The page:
But Percent of Ad Spend isn’t perfect. As with the Percent of Revenue model, the client doesn’t enjoy economies of scale. While holiday sales typically soar faster than holiday ad costs, many clients will still get hit with super-sized SEM invoices in November and December. Does this reflect more work on the part of the SEM? Somewhat —campaigns do need closer attention during the holiday madness, due to stock-outs, shipping windows, and competitors’ actions. But has the agency’s actual work increased as much as the ad spend? Nope.
For many advertisers, the glaring flaw with Percentage of Ad Spend pricing is that it incents the SEM agency for spending the advertiser’s money regardless of results. Point well taken. We’d suggest that if a SEM agency isn’t hitting mutually-agreed-upon performance metrics—that is, if the agency is failing to keep the ad-to-sales ratio within acceptable limits, or is failing to stay within budgets, or is failing to meet sales commitments, then the client should simply dismiss the agency. Advertisers, give an underperforming agency two weeks or 30 days to remedy, and if they can’t get their act in order, exercise your out. We recommend SEM contracts have 15 or 30 day outs for this very reason.
For the agency, pure Percent of Ad Spend fees can pose a downside risk if the work is too great and the fee is too little. Some SEM clients demand/require considerable effort managing modest PPC budgets. Examples include B2B clients in highly specialized verticals, or national specialty store retailers running numerous complex local campaigns in hundreds of geographies.
Model #3: Flat monthly fee
This is the simplest model: The client pays the agency a consistent flat monthly fee. Don’t laugh—this is the structure in use when advertisers choose to manage paid search in-house. Salaries for in-house PPC staff, accompanying benefits, bid management software—those are essentially flat each month, regardless of ad spend or sales.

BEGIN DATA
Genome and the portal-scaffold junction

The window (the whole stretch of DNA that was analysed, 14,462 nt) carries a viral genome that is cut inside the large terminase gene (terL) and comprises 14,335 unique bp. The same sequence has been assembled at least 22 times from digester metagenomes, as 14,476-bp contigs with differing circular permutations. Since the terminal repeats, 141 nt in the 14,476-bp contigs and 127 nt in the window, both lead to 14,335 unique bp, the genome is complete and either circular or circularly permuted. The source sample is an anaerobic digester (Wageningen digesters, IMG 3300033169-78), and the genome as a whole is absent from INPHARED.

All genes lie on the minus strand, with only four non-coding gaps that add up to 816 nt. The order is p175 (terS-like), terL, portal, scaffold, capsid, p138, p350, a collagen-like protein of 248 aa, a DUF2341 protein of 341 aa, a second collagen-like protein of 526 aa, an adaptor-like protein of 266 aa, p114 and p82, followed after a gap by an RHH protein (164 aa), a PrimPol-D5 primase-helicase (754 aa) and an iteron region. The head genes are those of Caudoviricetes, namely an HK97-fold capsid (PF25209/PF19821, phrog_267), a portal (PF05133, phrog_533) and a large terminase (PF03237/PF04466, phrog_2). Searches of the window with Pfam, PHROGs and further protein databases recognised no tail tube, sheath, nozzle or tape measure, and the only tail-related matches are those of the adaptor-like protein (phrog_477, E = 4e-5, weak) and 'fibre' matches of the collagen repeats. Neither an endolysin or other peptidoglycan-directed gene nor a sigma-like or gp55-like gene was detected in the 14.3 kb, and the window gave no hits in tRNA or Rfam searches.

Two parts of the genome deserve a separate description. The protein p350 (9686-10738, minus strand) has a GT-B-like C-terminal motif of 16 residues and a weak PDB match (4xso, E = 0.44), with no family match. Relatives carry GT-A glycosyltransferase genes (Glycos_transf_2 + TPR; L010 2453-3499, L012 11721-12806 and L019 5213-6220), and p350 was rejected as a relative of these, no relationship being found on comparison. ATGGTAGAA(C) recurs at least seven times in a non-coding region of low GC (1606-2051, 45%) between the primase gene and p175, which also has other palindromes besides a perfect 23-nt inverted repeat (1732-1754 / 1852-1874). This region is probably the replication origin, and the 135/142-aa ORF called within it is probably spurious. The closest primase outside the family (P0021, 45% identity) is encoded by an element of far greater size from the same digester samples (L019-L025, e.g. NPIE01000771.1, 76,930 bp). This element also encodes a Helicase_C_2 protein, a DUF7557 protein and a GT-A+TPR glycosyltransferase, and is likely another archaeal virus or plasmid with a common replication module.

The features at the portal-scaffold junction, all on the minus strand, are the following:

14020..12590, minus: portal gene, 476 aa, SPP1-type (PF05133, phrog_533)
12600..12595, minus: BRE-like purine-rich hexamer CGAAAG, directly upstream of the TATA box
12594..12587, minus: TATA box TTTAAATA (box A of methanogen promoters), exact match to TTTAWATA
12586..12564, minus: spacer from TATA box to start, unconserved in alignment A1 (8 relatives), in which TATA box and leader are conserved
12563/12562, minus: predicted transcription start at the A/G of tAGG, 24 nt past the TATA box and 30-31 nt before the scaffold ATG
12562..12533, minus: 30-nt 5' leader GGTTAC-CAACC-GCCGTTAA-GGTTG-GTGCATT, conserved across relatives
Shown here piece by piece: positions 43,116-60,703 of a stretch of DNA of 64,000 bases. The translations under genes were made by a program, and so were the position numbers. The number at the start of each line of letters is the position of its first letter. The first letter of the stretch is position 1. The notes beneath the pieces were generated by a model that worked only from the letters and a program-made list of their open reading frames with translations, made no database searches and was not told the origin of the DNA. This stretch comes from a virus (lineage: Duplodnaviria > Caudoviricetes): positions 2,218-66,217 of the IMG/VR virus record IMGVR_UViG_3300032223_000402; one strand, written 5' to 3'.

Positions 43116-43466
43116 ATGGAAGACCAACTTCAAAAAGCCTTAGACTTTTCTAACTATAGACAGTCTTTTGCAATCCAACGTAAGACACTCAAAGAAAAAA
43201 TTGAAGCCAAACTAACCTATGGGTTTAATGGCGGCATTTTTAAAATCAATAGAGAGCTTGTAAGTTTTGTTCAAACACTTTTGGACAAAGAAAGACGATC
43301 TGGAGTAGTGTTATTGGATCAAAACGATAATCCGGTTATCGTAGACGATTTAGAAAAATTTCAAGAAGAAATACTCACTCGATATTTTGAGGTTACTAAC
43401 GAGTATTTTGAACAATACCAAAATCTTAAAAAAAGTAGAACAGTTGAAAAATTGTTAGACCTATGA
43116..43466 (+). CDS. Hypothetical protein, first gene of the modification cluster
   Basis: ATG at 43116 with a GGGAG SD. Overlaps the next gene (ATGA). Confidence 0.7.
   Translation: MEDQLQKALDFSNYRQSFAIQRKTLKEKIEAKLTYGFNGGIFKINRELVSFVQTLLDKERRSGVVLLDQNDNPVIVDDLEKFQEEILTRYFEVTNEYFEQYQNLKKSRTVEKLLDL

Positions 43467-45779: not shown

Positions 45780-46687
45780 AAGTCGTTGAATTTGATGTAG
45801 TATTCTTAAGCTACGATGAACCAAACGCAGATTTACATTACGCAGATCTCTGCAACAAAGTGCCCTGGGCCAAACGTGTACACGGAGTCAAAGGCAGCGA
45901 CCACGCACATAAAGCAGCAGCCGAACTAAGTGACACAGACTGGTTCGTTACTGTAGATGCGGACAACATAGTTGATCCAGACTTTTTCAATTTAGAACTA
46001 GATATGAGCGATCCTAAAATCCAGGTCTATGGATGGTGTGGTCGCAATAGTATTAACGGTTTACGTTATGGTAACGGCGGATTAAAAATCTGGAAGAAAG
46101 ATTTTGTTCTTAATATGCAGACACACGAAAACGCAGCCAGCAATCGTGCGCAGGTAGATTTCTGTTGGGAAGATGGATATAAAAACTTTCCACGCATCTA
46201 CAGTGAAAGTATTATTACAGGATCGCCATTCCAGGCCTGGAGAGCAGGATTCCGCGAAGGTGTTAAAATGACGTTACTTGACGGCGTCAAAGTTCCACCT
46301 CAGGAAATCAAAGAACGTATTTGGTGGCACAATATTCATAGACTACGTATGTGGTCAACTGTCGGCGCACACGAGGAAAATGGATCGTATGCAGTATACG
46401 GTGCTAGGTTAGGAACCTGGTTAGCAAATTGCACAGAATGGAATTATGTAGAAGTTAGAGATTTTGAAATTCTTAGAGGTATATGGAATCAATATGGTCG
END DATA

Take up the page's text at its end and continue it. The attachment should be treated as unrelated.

Simplicity is a key advantage to the flat fee approach, and it certainly provides the advertiser economies of scale. But it has disadvantages. Going into the deal, neither agency nor client has a firm sense of the true work required. One side is likely to guess wrong, leaving either advertiser or agency disgruntled about pricing. And certain agencies might view a flat fee as a disincentive to hustle. But as above, fast-out clauses ensure clients stay satisfied.
Model #4: Percent ad spend, capped, with fast out
We believe Percentage Ad Spend, Capped, with Fast Out offers the best pricing model for SEM management. Client pays agency a monthly management fee calculated as a percentage of ad spend. Client and agency also agree on a monthly minimum fee cap to protect the agency if the ad spend is very small, and a monthly maximum fee cap to protect the client if the ad spend is very large.
Choosing different values for the min cap, the max cap, and the percentage allow agencies to signal potential clients where they’re positioned in the market place. For example, dividing the monthly min cap by the percentage yields the typical minimum suggested monthly ad spend for target clients.
We’ll show you ours if you show us yours
We’re not really sure why our industry is so secretive about pricing. We don’t have problems sharing our rates. (Perhaps we’ll start a trend?) If useful to readers, our standard SEM pricing is $3000 / 12.5% / $9500, per site. The monthly cap goes higher for highly complex retailers.
Want to share the structure and parameters of your pricing? Please chime in on the comments.
Of course, don’t buy SEM services by price alone
Agency fees are clearly not the most important aspect of picking an agency. What matters far more is performance. Compared to an average agency, a great agency can often produce double digit increases in profitable sales, just by building better campaigns and managing them better. For most advertisers, a difference of a few thousand dollars in management fees each month is completely dwarfed by your Google bill, by your resulting sales—and by the gain in profits you could realize from well-built campaigns and smart bidding.
So SEM fees aren’t the most important thing. But their size and structure do matter, both to client and to agency.
Opinions expressed in this article are those of the guest author and not necessarily Search Engine Land. Staff authors are listed here.